USA: Amnesty International calls for respect of detainees' rights in wake of 11 September
The organisation is disturbed by reports that many individuals arrested in the wake of these attacks were denied prompt access to lawyers or relatives. In some cases there were delays in gaining information on the whereabouts of detainees.
Prompt access to counsel for detainees is a basic right under international standards, and an important safeguard against abuse, even during emergency situations. It is particularly important to ensure these rights are upheld in the present situation, in which police have been given new powers to hold people for questioning for an extended period without charge.
Amnesty International is also concerned by the physical conditions of some of those in custody, which may violate standards for humane treatment. Two men held in solitary confinement in the Metropolitan Correctional Center in New York, for example, are reportedly denied exercise; given certain foods which they cannot eat on religious grounds; kept in cold cells, with only one blanket; subjected to full strip searches twice a day despite having non-contact visits; and are shackled hand and foot whenever they are taken from their cells.
These conditions appear to be unduly punitive, especially as the two men had not been charged with an offence but were being held as material witnesses. In some respects their treatment, and that of others held in local jails, has been worse than for convicted prisoners.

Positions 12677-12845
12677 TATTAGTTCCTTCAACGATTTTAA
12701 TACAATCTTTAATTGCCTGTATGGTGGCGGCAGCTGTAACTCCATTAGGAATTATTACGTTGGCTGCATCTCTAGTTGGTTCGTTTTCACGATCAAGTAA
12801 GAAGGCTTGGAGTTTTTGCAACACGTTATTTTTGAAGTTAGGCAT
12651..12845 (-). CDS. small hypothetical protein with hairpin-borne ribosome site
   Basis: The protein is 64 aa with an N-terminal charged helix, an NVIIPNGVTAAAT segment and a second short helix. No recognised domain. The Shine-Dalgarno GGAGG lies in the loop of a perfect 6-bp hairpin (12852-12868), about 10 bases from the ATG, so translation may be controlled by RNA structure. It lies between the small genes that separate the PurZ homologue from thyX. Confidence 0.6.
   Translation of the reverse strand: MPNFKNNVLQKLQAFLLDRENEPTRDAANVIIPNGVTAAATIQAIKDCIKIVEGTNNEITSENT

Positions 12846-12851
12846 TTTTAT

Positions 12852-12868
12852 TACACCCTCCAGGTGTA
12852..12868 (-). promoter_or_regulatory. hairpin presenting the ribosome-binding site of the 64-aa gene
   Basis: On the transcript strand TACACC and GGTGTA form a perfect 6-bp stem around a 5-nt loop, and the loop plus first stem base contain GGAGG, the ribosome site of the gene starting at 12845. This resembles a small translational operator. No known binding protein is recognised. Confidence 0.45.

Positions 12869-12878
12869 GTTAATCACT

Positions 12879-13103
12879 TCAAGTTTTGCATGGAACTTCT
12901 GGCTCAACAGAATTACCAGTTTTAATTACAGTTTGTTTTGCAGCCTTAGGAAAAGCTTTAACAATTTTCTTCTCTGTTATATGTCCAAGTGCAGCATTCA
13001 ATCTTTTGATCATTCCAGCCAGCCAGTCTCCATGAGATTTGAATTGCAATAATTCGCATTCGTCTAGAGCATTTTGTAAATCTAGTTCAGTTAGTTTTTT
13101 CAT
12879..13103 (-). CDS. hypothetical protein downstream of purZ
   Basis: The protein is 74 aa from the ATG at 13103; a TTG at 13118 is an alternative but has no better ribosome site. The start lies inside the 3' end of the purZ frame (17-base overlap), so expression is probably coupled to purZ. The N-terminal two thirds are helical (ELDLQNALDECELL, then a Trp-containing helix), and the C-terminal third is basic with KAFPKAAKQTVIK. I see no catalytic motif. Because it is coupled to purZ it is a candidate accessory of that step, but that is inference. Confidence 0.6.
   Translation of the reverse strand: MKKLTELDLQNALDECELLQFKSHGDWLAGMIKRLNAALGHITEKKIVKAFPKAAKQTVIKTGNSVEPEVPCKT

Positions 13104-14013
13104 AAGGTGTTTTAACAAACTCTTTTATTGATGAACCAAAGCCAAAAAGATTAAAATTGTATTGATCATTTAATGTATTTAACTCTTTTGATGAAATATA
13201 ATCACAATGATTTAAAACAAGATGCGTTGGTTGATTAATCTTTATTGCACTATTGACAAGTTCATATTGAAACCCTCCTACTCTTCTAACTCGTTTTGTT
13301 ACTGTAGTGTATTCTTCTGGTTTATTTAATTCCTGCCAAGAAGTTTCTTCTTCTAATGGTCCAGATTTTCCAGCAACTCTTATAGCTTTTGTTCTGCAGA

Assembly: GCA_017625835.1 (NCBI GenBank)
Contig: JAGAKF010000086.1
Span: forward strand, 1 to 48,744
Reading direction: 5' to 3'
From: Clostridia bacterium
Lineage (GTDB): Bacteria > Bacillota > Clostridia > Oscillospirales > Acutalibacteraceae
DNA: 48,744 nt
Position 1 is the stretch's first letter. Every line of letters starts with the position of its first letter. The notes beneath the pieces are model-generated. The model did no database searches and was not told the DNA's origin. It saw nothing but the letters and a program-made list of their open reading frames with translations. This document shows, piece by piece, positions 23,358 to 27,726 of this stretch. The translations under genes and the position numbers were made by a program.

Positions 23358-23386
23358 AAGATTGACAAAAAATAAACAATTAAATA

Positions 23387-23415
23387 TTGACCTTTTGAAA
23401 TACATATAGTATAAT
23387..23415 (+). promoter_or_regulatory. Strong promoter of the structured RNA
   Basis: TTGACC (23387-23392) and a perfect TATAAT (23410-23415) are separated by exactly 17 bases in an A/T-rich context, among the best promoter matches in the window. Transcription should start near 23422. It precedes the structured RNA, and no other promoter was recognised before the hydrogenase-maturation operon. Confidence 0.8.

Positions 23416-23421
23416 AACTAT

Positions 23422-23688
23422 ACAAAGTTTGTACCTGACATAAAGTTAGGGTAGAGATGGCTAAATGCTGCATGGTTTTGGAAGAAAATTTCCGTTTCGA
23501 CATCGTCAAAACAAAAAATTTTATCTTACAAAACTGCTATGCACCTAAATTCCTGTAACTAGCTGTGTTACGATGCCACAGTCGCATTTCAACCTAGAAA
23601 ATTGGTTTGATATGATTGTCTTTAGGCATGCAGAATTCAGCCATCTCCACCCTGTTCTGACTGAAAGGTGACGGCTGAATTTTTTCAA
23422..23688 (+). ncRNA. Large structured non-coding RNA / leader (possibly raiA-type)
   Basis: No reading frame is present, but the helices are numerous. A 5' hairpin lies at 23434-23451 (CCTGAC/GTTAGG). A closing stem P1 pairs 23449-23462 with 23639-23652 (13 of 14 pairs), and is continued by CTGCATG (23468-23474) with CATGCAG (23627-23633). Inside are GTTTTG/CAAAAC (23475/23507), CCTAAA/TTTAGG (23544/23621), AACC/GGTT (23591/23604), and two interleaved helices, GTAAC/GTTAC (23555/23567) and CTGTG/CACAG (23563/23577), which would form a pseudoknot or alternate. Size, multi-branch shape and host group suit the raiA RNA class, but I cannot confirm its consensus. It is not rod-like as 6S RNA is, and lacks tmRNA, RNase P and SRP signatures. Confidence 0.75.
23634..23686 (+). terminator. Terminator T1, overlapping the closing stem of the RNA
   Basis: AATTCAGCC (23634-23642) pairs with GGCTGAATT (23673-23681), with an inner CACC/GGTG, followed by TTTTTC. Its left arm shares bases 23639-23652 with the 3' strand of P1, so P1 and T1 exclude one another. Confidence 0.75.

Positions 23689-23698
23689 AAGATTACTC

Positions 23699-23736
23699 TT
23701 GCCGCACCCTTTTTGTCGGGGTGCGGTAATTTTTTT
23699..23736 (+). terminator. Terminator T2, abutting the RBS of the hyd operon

Other cases include a Saudi national being held for a week in a Dallas jail without a mattress, bedding, blanket, cup or clock. His conditions improved only after appeals by his attorney to the regional immigration services director who intervened directly with the jail.
More than 700 people, mainly of Arab or Middle Eastern origin, have been arrested and detained in the USA in connection with the criminal investigation into the attacks in New York and Washington on 11 September. Many of them are being held under new powers to detain non-citizens for 48 hours or longer in emergencies, and many were reportedly held for immigration violations.
In some cases lawyers of individuals charged, or held as material witnesses to a criminal investigation, have been subjected to 'gag' orders which prevent them from reporting on the proceedings in the case. There have been complaints by civil rights attorneys about the difficulty of getting information about many of those detained.
The US Congress is currently considering draft legislation which would, among other things, allow for detention for up to seven days without charge.
International standards provide, among other things, that all arrested or detained persons should be treated humanely; that they shall have prompt access to a lawyer and the right to communicate with their families; that foreign nationals should have the right to notify consular staff or a national organisation that can provide assistance; and that anyone arrested or detained on a criminal charge shall be promptly brought before a judge or judicial authority.
Standards for the treatment of prisoners stipulate that all prisoners should receive at least one hour's daily outdoor exercise; that restraints should be used only when strictly necessary and that chains and irons should not be used as restraints.